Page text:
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N2 - CO2 capture using clathrate hydrates is an environmentally friendly separation technology. When considering operational efficiency, it is desirable to operate the separation process continuously. In this experimental study, the continuous separation of CO2 from a model fuel gas was performed for H2 + CO2 + H2O and H2 + CO2 + tetra-n-butylammonium bromide (TBAB) + H2O systems with TBAB mass fractions of wTBAB = 0, 0.05, 0.10, and 0.32. Measurements were taken to track the time evolution of compositions of the gas phase and hydrate slurry. After between 37 and 48 h from the start of the experiment, H2 compositions in the gas phase reached steady state values of 0.87, 0.81, and 0.78 for wTBAB values of 0, 0.05, and 0.10, respectively. For the same conditions, CO2 compositions in the hydrate slurry reached steady state values of 1.00, 0.82, and 0.79, respectively. In carrying out this work we have shown that it is possible to successfully separate CO2 using structure I hydrates and ionic semiclathrate hydrates, on a continuous basis. There is the caveat, however, that for wTBAB = 0.32 a continuous separation process is not possible. The split fraction of CO2 we attained were 0.76, 0.64, and 0.62 for wTBAB values of 0, 0.05, and 0.10, respectively. The water system (wTBAB = 0) exhibited the highest H2 compositions in the gas phase, highest CO2 compositions in the hydrate slurry, and highest split fraction of CO2. Although short-term operation, specifically 18 h, is possible with wTBAB = 0, continuous hydrate formation cannot be implemented. The concentration of captured CO2 for wTBAB = 0 was comparable to that obtained from hydrate-based gas separation in multistage processes or chemical absorption.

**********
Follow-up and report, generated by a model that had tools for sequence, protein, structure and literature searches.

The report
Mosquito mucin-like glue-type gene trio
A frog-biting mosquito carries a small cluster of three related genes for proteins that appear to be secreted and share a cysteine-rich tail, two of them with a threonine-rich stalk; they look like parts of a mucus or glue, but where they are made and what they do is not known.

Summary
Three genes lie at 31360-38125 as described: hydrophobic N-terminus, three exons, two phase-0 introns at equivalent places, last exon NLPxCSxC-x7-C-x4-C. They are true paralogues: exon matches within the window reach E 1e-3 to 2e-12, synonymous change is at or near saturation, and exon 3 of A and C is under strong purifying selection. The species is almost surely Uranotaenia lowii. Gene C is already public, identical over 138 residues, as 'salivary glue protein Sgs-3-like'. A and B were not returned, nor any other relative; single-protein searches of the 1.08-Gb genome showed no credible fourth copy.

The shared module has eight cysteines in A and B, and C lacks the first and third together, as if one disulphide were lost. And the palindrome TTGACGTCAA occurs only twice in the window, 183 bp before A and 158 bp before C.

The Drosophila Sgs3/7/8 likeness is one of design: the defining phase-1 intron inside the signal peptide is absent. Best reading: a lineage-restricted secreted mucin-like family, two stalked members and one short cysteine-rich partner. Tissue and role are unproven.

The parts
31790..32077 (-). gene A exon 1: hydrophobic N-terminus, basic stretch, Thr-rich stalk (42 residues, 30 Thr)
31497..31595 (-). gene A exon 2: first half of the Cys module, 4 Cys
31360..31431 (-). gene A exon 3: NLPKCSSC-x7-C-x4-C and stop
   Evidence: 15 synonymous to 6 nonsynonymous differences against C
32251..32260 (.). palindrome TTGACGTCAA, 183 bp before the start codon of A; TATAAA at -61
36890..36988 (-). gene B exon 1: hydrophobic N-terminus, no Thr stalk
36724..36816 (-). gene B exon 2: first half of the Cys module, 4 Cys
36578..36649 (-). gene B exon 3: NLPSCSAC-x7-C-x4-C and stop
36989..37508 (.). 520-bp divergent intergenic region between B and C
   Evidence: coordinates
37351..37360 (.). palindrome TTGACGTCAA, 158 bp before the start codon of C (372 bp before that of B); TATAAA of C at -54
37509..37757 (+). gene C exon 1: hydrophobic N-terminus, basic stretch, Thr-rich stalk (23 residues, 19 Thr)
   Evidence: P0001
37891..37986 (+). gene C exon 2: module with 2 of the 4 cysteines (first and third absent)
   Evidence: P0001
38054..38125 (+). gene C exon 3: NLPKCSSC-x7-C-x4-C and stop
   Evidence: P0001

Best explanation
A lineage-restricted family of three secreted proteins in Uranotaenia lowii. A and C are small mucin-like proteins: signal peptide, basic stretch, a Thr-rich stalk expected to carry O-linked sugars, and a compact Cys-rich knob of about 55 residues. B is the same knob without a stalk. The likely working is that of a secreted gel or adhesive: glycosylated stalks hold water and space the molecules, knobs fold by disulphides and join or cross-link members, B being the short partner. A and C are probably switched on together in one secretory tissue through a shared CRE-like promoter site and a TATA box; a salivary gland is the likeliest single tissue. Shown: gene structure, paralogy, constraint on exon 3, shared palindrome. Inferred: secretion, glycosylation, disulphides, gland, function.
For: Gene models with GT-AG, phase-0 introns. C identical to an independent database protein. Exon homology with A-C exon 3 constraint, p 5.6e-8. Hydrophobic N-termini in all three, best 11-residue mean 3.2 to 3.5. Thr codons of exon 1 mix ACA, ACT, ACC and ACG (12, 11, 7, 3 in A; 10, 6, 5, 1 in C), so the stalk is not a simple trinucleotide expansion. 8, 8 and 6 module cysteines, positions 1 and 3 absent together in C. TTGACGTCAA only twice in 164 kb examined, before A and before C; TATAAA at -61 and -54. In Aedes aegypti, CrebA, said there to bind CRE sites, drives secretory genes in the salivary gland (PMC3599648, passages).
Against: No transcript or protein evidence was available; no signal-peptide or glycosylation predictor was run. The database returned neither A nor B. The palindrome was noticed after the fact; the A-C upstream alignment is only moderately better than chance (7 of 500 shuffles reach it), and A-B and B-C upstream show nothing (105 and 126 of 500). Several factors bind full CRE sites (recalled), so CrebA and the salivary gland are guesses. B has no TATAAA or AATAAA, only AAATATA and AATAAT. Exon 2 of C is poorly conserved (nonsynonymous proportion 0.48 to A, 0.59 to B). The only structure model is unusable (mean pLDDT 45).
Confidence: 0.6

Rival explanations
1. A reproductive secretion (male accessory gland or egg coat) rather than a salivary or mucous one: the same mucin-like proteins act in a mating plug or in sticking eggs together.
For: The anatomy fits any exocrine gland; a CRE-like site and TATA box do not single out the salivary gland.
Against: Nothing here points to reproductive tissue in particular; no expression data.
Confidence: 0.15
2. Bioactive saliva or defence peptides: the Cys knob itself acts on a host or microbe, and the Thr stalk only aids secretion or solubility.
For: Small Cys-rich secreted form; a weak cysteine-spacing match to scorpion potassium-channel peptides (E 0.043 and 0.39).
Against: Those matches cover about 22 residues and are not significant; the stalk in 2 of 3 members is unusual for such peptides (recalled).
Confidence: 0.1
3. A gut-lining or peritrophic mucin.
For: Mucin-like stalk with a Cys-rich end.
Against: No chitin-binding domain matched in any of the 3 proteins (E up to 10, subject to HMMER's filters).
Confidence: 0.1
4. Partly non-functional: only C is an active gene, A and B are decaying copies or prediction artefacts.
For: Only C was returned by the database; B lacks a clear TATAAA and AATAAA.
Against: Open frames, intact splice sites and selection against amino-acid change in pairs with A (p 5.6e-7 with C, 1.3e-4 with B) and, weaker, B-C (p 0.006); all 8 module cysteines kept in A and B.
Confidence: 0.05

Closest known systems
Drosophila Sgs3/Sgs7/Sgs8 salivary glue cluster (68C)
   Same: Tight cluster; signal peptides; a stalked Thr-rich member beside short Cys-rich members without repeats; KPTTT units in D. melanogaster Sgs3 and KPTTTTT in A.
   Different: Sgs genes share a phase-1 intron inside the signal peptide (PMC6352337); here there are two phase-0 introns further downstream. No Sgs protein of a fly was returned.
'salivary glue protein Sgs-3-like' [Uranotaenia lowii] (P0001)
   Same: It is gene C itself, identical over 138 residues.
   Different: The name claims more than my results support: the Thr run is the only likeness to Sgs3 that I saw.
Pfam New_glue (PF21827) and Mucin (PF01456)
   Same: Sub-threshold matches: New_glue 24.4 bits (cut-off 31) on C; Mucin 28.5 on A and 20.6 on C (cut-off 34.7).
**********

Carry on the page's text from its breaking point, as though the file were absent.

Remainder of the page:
AB - CO2 capture using clathrate hydrates is an environmentally friendly separation technology. When considering operational efficiency, it is desirable to operate the separation process continuously. In this experimental study, the continuous separation of CO2 from a model fuel gas was performed for H2 + CO2 + H2O and H2 + CO2 + tetra-n-butylammonium bromide (TBAB) + H2O systems with TBAB mass fractions of wTBAB = 0, 0.05, 0.10, and 0.32. Measurements were taken to track the time evolution of compositions of the gas phase and hydrate slurry. After between 37 and 48 h from the start of the experiment, H2 compositions in the gas phase reached steady state values of 0.87, 0.81, and 0.78 for wTBAB values of 0, 0.05, and 0.10, respectively. For the same conditions, CO2 compositions in the hydrate slurry reached steady state values of 1.00, 0.82, and 0.79, respectively. In carrying out this work we have shown that it is possible to successfully separate CO2 using structure I hydrates and ionic semiclathrate hydrates, on a continuous basis. There is the caveat, however, that for wTBAB = 0.32 a continuous separation process is not possible. The split fraction of CO2 we attained were 0.76, 0.64, and 0.62 for wTBAB values of 0, 0.05, and 0.10, respectively. The water system (wTBAB = 0) exhibited the highest H2 compositions in the gas phase, highest CO2 compositions in the hydrate slurry, and highest split fraction of CO2. Although short-term operation, specifically 18 h, is possible with wTBAB = 0, continuous hydrate formation cannot be implemented. The concentration of captured CO2 for wTBAB = 0 was comparable to that obtained from hydrate-based gas separation in multistage processes or chemical absorption.